A zookeeper is responsible for the day-to-day care of animals in a zoo, wildlife park, aquarium or special collection. He may look after several types of animal or a specific one -- particularly if his studies have focused on a particular species. A zookeeper feeds the animals, cleans their enclosures, monitors their health and physical condition, and devises means by which to keep the animals active and engaged in captivity. Zookeepers also give information to public visitors and may give educational talks about the animals in their care. A zookeeper's salary will vary according to employer and location.
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In its national survey of employment in the United States conducted in May 2009, the U.S. Bureau of Labor Statistics listed the average annual salary for zoo-keeping and other nonfarm animal caretakers as £14,189, equivalent to £1,182 per month and £6.80 an hour. Job analysis website StateUniversity reported that the median salary for zookeepers specifically, as of 2011, was £18,200, or £9 per hour. It claimed that with experience and additional training, a zookeeper may be able to earn upwards of £26,000 a year.
Salary by Industry
The Bureau of Labor Statistics listed the average salary for animal care workers working in zoos and similar organisations, listed by the bureau under professional, scientific and technical services, as £13,182 per year. Other employment opportunities for zookeepers included spectator sports, such as circuses, where the average salary was given as £14,644, and federal government agencies, often as inspectors or caretakers at government facilities, which paid an average of £24,706.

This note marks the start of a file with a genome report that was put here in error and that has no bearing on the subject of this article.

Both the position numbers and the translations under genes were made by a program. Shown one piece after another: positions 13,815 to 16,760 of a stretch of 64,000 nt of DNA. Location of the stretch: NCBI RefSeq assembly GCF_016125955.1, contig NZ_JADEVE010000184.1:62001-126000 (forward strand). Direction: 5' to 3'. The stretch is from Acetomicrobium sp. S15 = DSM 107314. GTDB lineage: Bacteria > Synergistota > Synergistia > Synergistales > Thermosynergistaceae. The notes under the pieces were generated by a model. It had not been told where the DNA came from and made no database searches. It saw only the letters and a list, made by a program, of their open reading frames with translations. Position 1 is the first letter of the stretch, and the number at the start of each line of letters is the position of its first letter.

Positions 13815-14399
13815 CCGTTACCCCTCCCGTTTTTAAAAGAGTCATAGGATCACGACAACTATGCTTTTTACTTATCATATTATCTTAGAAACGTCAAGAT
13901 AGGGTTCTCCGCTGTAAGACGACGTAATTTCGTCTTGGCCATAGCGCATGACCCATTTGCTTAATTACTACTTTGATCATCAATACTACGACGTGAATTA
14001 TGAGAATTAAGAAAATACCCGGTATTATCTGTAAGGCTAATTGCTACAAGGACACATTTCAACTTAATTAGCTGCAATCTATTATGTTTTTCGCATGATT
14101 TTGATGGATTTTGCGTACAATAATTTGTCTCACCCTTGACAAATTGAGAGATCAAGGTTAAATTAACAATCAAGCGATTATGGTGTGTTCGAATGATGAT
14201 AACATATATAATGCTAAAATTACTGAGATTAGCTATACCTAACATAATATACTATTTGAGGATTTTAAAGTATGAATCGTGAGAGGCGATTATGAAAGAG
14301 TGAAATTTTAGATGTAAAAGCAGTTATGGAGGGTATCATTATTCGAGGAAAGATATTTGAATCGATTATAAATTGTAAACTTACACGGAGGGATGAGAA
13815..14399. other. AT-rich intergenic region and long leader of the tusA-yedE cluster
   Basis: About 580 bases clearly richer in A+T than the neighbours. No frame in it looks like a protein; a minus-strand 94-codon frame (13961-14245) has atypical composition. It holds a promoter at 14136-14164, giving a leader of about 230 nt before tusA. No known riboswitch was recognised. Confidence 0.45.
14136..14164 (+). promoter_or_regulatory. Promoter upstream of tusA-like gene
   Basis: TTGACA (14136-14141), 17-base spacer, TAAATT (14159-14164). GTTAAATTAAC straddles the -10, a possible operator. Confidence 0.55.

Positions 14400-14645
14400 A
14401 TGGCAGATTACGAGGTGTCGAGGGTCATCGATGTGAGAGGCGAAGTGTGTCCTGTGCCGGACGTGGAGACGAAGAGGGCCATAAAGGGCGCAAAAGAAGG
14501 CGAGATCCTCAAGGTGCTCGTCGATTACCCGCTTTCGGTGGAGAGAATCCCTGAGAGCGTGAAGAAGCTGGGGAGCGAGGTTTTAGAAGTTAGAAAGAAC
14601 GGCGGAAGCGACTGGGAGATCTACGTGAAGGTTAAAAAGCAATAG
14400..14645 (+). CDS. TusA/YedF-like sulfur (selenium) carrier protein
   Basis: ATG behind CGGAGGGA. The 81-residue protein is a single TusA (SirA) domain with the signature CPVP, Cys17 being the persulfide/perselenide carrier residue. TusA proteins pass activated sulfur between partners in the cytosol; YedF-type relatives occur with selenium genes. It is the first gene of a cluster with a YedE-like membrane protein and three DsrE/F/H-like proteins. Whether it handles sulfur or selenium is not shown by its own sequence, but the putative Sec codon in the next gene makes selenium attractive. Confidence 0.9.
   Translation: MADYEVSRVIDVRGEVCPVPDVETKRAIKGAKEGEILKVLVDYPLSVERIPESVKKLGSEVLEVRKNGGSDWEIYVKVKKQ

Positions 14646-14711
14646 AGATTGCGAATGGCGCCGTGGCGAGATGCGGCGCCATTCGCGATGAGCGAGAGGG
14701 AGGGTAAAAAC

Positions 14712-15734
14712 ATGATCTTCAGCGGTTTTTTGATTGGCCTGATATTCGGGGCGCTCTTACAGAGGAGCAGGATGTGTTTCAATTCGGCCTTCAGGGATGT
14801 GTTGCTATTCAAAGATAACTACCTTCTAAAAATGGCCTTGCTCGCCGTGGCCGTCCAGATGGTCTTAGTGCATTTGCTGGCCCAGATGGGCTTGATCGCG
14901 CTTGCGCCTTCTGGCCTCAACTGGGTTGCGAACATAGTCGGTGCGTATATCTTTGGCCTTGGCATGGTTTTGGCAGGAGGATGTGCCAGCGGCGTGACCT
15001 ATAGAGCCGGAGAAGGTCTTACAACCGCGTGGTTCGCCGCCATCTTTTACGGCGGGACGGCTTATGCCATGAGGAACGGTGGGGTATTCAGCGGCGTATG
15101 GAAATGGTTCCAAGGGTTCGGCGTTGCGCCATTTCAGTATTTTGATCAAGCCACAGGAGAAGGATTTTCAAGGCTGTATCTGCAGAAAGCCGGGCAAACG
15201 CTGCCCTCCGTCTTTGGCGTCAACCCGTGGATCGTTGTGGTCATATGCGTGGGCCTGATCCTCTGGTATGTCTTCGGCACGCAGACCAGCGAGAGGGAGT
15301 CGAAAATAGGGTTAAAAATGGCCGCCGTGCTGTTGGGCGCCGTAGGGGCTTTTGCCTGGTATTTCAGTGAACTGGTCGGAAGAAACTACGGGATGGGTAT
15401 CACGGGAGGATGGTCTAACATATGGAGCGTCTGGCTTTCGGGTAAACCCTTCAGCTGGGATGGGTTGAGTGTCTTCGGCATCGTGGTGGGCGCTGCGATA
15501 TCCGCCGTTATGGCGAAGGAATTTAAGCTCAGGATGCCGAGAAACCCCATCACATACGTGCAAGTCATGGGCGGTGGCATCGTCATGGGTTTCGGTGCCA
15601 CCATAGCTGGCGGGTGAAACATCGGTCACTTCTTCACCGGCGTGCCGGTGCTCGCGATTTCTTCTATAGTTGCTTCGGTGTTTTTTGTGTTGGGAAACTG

Salary by Location
Another significant influence on zookeeper salaries is geographical location. Wage comparison website SalaryExpert analysed zookeeper salaries in some major American cities and found that Boston, Massachusetts had the highest average pay, at £19,534. Orlando, Florida, and Charlotte, North Carolina, had comparable levels of pay of £16,642 and £16,448, respectively, while Dallas, Texas, was listed at just £14,635. The Bureau of Labor Statistics reported that, across all industry sectors, Hawaii and Alaska were among the states in which wages were highest, with £20,306 and £17,673, respectively. Kentucky was listed at just £13,188.
The bureau predicts that during the decade running from 2008 to 2018, employment possibilities for animal care workers of all kinds will increase by around 21 per cent, but they expect the growth rate to be slightly slower for zookeepers due to the comparatively small number of exotic animal parks and zoos, and the keen competition for vacancies that do arise. A growing population with increasing demand for entertainment options should still result in job growth for the occupation, and salaries are likely to remain competitive.
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